Build your base. With plenty of money and political capital, local employers through the Chamber of Commerce came uncomfortably close to wiping out years of work backed by solid research, well-articulated moral arguments and plain old common sense (do you really want your waiter or childcare worker coming to work sick?). 'Our strength has always been our base and this rings even more true when were engaged in a legislative battle', says Mackenzie Baris of DC Jobs with Justice. Political leaders need to know that they will have backing from city voters, or be held accountable if they ignore popular will. The Paid Sick and Safe Days Coalition built a strong and effective team of unions, community groups, service providers and think tanks including the Metro Washington AFL-CIO, UNITE-HERE, SEIU, DC Jobs with Justice, the DC Employment Justice Center, DC ACORN, DC Fiscal Policy Institute, the Center for Nonprofit Advancement, the DC Coalition Against Domestic Violence, So Others Might Eat (SOME), and Wider Opportunities for Women.

Organize and mobilize the base. Supporters surveyed workers in retail stores, coffee and sandwich shops, and organized workers to appear at the initial hearing and tell their personal stories. One worker who works for Whole Foods talked about how she is penalized for taking sick days, even though she is theoretically eligible for them. In addition to helping workers organize and present their testimony, supporters hosted a movie screening of The Motherhood Manifesto to educate parents and collected signatures from residents through a petition and postcards. Paid sick leave advocates also reached out to the business community and developed a network of small business supporters of the bill. When it seemed like Committee Chair Carol Schwartz might not submit the bill for a vote, advocates organized a rally in front of the City Council. While walking the halls of City Council and talking to Councilmember’s staff is part and parcel of pushing for legislation, advocates never lost sight of the need to keep that fight visible to the public and to engage the very residents who will be most affected.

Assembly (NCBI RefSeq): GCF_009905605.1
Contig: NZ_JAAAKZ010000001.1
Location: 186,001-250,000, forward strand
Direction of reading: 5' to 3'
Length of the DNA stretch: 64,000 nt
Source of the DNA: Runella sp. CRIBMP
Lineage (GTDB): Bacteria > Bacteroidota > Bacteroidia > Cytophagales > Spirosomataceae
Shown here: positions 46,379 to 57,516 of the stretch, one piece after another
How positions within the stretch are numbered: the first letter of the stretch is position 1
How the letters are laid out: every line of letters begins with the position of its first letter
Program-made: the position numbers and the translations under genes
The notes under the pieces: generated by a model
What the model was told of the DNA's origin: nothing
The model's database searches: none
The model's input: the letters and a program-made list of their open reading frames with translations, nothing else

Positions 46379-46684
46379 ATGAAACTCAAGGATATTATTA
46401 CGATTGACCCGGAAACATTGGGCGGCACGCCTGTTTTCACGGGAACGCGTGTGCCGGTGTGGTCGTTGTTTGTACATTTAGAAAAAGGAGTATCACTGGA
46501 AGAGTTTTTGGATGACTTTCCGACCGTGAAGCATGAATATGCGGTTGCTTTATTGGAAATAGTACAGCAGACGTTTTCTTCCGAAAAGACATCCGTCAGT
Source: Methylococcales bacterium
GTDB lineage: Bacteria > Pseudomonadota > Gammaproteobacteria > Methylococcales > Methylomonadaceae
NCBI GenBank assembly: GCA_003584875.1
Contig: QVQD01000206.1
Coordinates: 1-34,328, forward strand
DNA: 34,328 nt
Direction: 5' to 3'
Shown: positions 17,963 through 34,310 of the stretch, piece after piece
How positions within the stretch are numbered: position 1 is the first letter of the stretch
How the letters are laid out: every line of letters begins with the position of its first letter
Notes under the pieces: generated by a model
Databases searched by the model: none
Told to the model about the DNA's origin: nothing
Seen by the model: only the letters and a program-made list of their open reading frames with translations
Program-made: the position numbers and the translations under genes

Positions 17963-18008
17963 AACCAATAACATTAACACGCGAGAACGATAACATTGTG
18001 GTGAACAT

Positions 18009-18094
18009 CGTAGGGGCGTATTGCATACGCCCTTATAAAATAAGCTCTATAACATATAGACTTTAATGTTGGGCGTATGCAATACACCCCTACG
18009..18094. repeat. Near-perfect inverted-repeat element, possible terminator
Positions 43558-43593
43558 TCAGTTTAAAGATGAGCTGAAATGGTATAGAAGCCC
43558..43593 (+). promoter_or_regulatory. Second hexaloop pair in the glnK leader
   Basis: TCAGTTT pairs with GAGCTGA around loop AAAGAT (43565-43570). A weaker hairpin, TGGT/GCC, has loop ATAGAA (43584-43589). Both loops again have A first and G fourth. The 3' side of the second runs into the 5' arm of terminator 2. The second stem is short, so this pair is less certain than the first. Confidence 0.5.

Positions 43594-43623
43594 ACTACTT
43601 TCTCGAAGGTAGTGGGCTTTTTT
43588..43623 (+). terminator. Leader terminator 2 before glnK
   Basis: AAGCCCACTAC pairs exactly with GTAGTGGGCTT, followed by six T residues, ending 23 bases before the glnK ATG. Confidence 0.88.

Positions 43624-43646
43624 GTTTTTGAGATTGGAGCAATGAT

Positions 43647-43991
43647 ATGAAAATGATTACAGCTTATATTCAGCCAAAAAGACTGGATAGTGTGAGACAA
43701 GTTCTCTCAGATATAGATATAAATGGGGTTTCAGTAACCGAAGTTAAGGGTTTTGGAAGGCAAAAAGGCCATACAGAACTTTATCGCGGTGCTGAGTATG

Use individual strengths to build collective power. As a broad-based team, each organization played a specific and important role in the Paid Sick and Safe Days Coalition. The unions brought their political capital and organizing experience; community groups were instrumental in doing outreach to parents, workers and business in the community; service providers were able to organize particularly vulnerable sectors which might have otherwise been overlooked; and when the Chamber of Commerce came out with alarmist warnings that this bill would destroy DCs economy, think tanks like the DC Fiscal Policy Institute provided sober analysis to rebuff such claims. No one organization could have single-handedly fought this battle on so many fronts, and the coalitions willingness to trust and acknowledge each others strengths allowed them to build collective power.

JwJ is be proud of the work and victories of this campaign. DC JwJ will keep up the fight for better pay and benefits for working people, and to hold our elected official accountable to the people rather than to business interests.

From Jobs with Justice